ALLEN: Not anymore. I was at one time, and I was actually angry at God at one time. I said, "Why me?" And I said, "Wait a minute, Allen. I mean, you're a West Point graduate, volunteered to be a cadet, you volunteered for Vietnam, you volunteered for Army Special Forces. You put yourself in harm's way. How can you now be bitter? You put yourself there, and you've suffered the consequences, but you were a proud soldier," which I was.
I'm angry at the mistakes that were made in the Vietnam War, as I'm angry at the mistakes that are being made, or have been made and continue to be made in certain ways for Iraq and Afghanistan. But I'm a soldier and I'm a patriot, and I believed in what I was doing at the time, and mistakes are made because we are human beings.
KING: Do you think we ought to think about leaving Iraq?
CLARK: I have thought often about this. I went to Walter Reed to the amputee ward and spoke with a Marine lieutenant who an amputee and several other people that are just back from the war and are suffering extensive post-traumatic stress disorder, and I believe that there is a larger strategic national security purpose for us and many other countries in the world to be served by continued involvement there and a success to bring that challenge to a successful conclusion with a democratic government.
KING: But you know it's hard when the public turns.
CLARK: No question about it, and one big difference today and my war, Larry, is that we were vilified as the warriors -- not just the war, but the warriors, and I'm just very grateful that today the American public may be against the war, but they honor the military people, and that's just a great thing to be happening.
KING: One of the high points in your life was the special award from President Reagan, right?
CLARK: Yes, yes. I was honored at the White House in 1984. I am of Hispanic heritage on my mother's side, and to have honored me there in the White House was an incredible experience for me.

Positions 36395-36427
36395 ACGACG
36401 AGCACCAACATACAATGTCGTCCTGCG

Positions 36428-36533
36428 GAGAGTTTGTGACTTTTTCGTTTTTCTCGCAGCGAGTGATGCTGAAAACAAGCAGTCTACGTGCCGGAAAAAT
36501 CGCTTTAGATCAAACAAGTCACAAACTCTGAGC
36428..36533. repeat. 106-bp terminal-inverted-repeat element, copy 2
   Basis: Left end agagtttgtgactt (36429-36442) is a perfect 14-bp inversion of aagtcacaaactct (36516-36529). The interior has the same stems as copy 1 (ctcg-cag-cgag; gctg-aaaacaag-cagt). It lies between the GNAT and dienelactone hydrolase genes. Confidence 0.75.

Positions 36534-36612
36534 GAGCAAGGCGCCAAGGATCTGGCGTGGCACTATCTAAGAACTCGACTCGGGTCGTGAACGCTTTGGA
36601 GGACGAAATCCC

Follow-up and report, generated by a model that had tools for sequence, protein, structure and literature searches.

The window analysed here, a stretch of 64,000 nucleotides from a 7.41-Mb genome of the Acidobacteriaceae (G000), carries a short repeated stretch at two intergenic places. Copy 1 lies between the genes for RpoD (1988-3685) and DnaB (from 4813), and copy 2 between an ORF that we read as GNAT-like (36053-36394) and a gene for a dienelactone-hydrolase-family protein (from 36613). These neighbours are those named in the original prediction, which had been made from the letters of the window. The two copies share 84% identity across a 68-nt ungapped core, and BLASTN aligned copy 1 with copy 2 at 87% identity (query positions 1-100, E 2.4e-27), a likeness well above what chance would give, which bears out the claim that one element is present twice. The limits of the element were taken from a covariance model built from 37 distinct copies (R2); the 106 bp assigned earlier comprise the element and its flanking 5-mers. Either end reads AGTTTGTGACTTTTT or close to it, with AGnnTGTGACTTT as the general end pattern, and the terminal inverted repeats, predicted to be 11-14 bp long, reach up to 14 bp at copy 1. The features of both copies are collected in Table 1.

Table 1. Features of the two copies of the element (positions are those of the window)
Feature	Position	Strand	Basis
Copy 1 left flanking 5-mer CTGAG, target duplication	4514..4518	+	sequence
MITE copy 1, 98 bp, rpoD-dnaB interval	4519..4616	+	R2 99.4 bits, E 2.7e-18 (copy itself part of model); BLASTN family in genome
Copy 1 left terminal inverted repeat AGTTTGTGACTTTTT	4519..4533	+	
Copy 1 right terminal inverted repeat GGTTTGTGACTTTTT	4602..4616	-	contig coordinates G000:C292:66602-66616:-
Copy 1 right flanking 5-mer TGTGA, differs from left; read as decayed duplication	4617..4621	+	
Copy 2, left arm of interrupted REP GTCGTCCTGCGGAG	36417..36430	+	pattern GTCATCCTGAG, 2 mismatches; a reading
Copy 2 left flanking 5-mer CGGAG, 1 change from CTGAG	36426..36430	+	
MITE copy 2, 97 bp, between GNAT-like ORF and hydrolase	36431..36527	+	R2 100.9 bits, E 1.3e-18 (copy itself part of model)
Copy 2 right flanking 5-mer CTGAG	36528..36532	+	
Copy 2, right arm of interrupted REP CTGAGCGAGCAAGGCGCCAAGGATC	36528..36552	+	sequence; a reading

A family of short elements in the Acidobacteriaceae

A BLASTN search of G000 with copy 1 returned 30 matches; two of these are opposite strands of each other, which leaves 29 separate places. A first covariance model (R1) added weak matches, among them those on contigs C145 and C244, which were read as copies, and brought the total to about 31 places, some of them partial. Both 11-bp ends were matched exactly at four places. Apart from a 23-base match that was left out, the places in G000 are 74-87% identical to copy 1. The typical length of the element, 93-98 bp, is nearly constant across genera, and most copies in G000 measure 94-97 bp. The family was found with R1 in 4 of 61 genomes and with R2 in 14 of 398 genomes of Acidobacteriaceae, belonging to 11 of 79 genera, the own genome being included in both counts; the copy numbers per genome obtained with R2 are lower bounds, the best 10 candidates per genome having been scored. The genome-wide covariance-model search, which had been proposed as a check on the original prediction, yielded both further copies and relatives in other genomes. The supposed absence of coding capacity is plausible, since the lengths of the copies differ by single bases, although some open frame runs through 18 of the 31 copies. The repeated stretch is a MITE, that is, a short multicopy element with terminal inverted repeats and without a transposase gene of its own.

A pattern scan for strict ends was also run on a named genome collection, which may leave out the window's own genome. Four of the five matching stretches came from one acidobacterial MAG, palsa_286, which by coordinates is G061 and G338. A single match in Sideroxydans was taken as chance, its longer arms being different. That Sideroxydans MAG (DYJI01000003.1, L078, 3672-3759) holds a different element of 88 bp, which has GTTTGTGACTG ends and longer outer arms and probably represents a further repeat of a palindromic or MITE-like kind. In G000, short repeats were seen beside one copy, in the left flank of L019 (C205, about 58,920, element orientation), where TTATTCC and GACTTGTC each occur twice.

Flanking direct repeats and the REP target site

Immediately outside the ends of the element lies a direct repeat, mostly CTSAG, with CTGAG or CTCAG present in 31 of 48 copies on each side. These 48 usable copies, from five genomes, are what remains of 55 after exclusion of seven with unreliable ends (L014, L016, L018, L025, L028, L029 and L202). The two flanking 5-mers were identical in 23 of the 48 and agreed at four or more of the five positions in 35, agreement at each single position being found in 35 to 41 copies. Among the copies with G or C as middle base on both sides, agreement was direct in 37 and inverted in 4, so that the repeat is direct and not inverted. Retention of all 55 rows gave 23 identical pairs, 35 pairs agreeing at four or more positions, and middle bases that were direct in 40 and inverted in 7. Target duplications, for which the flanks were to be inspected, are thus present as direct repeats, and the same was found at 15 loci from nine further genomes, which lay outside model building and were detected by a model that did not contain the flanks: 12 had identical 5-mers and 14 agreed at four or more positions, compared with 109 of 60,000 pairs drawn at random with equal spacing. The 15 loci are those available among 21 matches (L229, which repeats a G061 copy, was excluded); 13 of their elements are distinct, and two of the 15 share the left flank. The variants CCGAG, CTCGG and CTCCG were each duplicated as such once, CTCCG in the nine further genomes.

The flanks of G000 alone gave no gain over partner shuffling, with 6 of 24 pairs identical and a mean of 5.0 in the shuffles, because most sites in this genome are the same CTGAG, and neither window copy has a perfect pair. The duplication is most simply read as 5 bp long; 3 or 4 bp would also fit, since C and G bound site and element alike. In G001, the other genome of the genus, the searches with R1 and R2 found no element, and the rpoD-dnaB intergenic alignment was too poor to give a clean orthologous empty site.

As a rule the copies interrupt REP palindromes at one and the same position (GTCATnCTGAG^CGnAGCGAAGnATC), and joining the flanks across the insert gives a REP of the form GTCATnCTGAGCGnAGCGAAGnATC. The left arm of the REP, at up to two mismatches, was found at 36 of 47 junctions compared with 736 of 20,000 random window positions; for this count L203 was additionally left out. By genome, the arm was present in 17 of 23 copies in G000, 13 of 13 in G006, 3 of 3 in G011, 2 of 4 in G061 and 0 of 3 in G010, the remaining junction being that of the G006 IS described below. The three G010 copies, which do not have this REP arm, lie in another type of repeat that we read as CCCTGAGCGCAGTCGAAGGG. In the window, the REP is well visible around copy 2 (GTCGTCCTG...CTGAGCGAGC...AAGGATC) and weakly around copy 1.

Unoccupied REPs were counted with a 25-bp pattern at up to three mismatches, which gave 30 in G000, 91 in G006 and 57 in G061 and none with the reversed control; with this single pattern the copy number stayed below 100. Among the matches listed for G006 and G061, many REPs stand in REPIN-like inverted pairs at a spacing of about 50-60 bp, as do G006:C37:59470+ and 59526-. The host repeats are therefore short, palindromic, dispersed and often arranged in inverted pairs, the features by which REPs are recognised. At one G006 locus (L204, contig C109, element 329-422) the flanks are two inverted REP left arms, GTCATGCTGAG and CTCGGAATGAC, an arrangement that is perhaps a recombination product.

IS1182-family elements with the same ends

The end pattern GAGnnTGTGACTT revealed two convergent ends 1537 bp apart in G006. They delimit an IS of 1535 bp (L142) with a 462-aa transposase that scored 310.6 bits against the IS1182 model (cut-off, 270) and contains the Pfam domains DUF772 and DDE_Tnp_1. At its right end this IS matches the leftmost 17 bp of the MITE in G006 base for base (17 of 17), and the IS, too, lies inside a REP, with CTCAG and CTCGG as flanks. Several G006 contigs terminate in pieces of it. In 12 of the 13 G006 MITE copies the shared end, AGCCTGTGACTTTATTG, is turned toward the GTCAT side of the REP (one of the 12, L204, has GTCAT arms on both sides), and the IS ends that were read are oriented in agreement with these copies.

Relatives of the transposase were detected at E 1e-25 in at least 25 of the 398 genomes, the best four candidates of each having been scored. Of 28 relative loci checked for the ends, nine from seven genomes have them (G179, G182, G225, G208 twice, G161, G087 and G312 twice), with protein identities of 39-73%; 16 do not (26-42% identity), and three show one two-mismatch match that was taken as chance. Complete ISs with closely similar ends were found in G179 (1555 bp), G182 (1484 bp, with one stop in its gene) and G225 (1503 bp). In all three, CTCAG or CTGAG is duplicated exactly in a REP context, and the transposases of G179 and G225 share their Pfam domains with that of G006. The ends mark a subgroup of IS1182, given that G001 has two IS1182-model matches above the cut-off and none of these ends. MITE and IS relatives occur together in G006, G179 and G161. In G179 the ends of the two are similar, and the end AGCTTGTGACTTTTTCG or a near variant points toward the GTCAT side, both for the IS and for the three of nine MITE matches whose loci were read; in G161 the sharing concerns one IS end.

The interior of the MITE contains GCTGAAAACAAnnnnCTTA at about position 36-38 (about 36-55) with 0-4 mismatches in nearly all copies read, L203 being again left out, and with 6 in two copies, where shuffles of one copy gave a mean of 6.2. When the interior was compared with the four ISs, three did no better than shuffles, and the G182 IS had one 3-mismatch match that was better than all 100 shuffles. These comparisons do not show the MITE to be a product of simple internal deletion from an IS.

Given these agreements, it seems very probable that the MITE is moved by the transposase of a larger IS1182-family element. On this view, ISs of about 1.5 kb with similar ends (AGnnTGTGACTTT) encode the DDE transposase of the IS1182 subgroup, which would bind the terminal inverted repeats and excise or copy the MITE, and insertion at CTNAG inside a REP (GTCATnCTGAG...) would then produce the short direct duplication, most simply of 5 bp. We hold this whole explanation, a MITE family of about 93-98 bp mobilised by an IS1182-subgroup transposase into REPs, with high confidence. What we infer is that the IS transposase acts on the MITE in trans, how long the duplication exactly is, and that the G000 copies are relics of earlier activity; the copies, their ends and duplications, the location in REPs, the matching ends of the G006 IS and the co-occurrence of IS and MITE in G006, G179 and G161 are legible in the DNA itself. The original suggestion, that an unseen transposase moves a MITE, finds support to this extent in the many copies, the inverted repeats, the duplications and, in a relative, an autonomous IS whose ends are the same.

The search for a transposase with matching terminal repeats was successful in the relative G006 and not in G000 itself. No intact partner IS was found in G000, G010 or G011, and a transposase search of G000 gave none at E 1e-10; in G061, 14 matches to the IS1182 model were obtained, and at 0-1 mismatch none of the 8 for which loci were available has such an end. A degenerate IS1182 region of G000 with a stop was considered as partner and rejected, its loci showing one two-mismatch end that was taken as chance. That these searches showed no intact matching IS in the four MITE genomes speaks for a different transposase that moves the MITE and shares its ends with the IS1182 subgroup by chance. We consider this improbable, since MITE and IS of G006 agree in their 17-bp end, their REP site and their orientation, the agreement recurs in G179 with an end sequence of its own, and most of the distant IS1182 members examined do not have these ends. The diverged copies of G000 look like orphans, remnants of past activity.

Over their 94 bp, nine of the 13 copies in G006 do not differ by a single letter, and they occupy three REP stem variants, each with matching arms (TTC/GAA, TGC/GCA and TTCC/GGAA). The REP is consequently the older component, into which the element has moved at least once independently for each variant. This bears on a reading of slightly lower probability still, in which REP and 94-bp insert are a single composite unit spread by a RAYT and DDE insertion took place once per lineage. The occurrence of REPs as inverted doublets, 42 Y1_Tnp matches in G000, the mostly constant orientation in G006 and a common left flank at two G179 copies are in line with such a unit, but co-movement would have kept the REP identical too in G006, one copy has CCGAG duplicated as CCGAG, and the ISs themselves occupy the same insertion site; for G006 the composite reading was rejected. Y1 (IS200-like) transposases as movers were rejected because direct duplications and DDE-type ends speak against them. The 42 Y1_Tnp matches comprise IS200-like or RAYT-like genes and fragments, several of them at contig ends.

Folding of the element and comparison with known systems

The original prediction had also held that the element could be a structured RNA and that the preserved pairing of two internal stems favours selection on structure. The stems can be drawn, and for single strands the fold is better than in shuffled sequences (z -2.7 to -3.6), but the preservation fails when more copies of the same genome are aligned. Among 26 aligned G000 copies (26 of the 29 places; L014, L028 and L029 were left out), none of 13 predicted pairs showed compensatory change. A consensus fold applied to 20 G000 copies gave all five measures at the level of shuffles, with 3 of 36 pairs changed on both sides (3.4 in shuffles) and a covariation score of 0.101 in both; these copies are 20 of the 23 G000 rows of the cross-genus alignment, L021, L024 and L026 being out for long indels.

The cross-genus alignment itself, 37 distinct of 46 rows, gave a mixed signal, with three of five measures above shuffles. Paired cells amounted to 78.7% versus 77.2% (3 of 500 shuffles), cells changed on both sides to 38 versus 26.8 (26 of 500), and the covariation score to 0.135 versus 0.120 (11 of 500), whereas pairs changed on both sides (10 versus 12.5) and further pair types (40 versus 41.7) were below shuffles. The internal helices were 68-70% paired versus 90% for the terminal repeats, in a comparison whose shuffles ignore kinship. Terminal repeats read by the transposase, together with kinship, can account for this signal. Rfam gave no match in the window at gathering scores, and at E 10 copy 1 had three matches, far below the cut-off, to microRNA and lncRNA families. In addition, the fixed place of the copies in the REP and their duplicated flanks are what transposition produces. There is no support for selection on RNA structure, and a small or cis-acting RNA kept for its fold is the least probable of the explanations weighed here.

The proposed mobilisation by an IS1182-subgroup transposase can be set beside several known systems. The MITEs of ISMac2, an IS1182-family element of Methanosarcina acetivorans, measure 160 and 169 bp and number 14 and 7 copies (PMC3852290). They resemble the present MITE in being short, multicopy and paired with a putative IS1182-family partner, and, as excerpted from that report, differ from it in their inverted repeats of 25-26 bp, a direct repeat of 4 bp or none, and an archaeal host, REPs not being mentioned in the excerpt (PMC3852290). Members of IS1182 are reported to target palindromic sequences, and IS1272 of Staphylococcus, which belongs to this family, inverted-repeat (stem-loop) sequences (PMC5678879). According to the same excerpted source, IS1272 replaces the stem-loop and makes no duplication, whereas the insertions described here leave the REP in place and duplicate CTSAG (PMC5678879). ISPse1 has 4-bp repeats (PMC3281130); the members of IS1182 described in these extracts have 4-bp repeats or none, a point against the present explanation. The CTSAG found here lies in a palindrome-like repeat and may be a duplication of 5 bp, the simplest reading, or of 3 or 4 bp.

KING: You are Hispanic?
CLARK: Well, my mother's name is Amalia Delafuente (ph), and she is of Hispanic heritage.
KING: You worked with, or for, Ross Perot?
CLARK: Yes. My first job after graduate school that I came back to after the military was with Ross Perot as his personal financial assistant in 1970. I had another breakdown when I was working for him, and I had to go have pills again and to see a psychiatrist, went to the hospital for a week.
So I told Ross, "Ross, I can't work to this degree of pressure. I need to have a few years where I don't work this hard." I put pressure on myself to try to be good and to be efficient and everything, so I did it to myself, and I had another kind of a mini- situation when the P.O.W.s came back in 1973. But Ross has always been just wonderful to me, and did the foreward for my book, and I'm very grateful for that.
KING: He is wonderful to all veterans.
CLARK: Yes he is. He is a gentleman that has done so much behind the scenes for so many of us.
KING: More people ought to know about it.
Allen, thank you very much.
CLARK: Thank you. I am delighted to be on the program.
KING: My pleasure. God bless. Allen B. Clark, author, "Wounded Soldier, Healing Warrior: A Personal Story of a Vietnam Veteran Who Lost His Legs, but Found His Soul."
That's it for tonight. Hope you enjoyed this very diverse program. We'll be back live on Monday night. Right now stay tuned for more news around the clock on your most trusted name in news, CNN.